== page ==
We’re going to need a bigger slingshot.” – Leonard

Silver (Rachel Bloom) working on one of her inventions.

Worldwide mobile game phenomenon Angry Birds got turned into an animated film back in 2016, which grossed over 5x its budget. The 21st century is known for its need of franchises, so three years later we are getting its very simply titled sequel – The Angry Birds Movie 2.

First time full feature directors Thurop Van Orman and John Rice, bring the well known birds back to the big screen, expanding their world and characters to keep everything fresh and exciting. Red (Jason Sudeikis) and company are still battling their “arch-pig-emies“, after saving Bird Island and becoming the local hero. When Pig Island gets attacked by a massive ice ball, coming from a completely unknown direction, King Leonard (Bill Hader) asks for a truce while searching for answers. Zeta (Leslie Jones), a boldly purple diva, is the one behind the attacks. She and her army of eagles will stop at nothing to obliterate the inhabitants of both Pig Island and Bird Island, to turn their worlds into holiday resorts and finally take the vacation she seemingly “deserves”. Now Red, Chuck and his brilliant sister Silver, Bomb (Danny McBride) and Mighty Eagle (Peter Dinklage) have to join forces with King Leonard and his team of green hogs, to stop Zeta’s extreme lust for destruction.

The animation was stunning in the first film, but it looks even more polished this time around. Flying from one gloriously decorative island to another, diving deep under icy oceans and even rocketing into outer space with a group of fluffy-cutesy-hatchlings. These hatchlings go on a fun adventure, when one of them loses her unhatched-siblings, while reenacting the battle between Red and King Leonard. Voiced by Brooklynn Prince (The Florida Project) and YouTube-personality JoJo Siwa, these little balls of pastel fluff are undeniably adorable. Mostly reminding me of “Ice Age“‘s Scrat, always on the look-out for his beloved acorn.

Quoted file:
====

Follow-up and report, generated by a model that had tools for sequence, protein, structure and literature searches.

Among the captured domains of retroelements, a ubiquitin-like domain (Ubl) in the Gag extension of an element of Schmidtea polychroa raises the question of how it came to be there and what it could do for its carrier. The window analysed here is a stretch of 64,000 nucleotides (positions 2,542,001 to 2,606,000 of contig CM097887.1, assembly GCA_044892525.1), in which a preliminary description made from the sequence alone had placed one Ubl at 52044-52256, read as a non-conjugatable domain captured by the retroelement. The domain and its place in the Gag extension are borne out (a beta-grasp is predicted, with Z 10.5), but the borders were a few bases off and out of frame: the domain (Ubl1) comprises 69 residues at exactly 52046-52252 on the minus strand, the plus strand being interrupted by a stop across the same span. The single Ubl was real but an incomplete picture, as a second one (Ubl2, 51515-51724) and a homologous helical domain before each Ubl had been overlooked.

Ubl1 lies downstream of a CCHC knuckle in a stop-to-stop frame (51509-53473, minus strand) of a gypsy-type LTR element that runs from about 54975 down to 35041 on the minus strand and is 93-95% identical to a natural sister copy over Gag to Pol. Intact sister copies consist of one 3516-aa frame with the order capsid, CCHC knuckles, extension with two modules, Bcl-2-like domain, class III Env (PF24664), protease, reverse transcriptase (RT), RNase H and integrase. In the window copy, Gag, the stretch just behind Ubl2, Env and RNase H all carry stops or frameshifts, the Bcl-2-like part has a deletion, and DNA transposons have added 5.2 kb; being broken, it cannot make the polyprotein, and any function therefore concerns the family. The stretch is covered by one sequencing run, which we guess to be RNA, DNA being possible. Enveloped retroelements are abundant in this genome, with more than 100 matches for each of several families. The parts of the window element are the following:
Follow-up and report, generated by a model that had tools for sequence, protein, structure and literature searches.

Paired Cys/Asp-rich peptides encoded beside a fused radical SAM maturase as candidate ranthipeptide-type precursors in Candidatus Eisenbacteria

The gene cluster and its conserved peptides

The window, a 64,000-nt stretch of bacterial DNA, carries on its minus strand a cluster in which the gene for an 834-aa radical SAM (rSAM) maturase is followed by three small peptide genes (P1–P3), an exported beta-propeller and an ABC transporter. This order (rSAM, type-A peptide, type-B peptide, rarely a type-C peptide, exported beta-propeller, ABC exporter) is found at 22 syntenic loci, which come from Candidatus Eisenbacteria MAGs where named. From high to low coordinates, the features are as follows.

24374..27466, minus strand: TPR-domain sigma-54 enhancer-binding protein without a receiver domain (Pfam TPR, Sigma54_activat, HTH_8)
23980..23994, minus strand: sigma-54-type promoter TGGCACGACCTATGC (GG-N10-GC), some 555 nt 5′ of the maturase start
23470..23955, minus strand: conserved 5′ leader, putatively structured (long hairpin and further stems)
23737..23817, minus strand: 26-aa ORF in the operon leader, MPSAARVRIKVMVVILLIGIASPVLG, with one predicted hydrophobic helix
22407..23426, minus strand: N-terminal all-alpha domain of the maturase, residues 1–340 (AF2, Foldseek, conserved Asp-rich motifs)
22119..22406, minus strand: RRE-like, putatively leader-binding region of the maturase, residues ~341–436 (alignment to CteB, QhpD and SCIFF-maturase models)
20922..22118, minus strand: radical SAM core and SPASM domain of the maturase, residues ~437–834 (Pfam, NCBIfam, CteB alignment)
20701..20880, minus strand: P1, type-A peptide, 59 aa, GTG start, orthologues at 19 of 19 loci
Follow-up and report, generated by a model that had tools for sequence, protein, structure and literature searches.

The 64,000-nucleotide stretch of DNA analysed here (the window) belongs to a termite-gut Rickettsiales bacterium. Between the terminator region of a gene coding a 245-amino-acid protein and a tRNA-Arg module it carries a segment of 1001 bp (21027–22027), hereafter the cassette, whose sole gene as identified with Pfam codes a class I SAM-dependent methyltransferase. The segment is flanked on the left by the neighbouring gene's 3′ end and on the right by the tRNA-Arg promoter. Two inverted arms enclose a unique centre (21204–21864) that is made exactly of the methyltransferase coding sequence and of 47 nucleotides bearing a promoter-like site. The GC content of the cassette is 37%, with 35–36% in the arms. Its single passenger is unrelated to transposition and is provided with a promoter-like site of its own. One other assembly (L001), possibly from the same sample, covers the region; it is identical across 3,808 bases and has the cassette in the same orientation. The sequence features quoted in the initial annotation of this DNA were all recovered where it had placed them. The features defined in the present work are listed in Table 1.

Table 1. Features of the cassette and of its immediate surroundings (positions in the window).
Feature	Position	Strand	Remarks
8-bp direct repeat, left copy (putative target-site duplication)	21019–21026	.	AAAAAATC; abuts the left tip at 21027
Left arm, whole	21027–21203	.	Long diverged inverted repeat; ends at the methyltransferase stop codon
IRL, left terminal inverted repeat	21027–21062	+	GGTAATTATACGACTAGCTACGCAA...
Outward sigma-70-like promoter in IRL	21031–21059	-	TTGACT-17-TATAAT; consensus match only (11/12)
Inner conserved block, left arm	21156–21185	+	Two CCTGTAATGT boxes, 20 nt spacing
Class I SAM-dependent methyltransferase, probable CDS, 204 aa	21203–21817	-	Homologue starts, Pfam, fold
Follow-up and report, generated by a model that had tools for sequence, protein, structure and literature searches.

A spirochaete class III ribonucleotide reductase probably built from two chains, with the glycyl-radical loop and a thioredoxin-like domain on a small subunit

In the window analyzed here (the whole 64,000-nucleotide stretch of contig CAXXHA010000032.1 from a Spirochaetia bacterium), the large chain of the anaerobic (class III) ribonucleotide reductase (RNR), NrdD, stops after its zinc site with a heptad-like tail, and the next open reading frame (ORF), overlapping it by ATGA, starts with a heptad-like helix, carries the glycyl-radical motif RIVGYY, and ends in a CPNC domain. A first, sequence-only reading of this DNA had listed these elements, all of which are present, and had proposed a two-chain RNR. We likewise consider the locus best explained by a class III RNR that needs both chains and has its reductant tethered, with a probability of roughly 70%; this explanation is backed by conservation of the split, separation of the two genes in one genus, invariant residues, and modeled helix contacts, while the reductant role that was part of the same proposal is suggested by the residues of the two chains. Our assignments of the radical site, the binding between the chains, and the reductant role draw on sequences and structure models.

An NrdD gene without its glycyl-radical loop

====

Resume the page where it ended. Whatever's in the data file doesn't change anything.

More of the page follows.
Comedic voice talent Josh Gad (Frozen), once again shows how funny he can be as Chuck. Hilarious and simply the best character. Awkwafina (The Farewell) and Tiffany Haddish (Girls Trip) are well known comedy queens, but outrageously under-utilised. The biggest problem I had with the story, was that these Angry Birds weren’t “angry” anymore. They were just trying to save their island from a disgruntled bigger bird. Unlike the first film, there’s almost no character development, just Red having to overcome his fear of being all by himself again, after tasting the glorious feeling of being the hero on the island.

Another thing that didn’t work in my opinion, was the overuse of music in the film. Impressive to say the least, because the hits they were able to get the rights for, are mostly chart-topping classics. But especially in the second half, one song gets followed directly with another to start dance battles or shows us a glimpse of a new character’s secret past. Sometimes less is more.

The Angry Birds Movie 2 is more of the same, with more adult jokes than you’d expect in an animated feature about birds, and less anger issues than its predecessor. After the Oscar-winning Spider-Man: Into the Spider-Verse, this is another example of Sony Pictures Animation‘s strong animation team, which definitely deserves the same grade as Pixar and Dreamworks Animation.

Rating: 3 out of 5.

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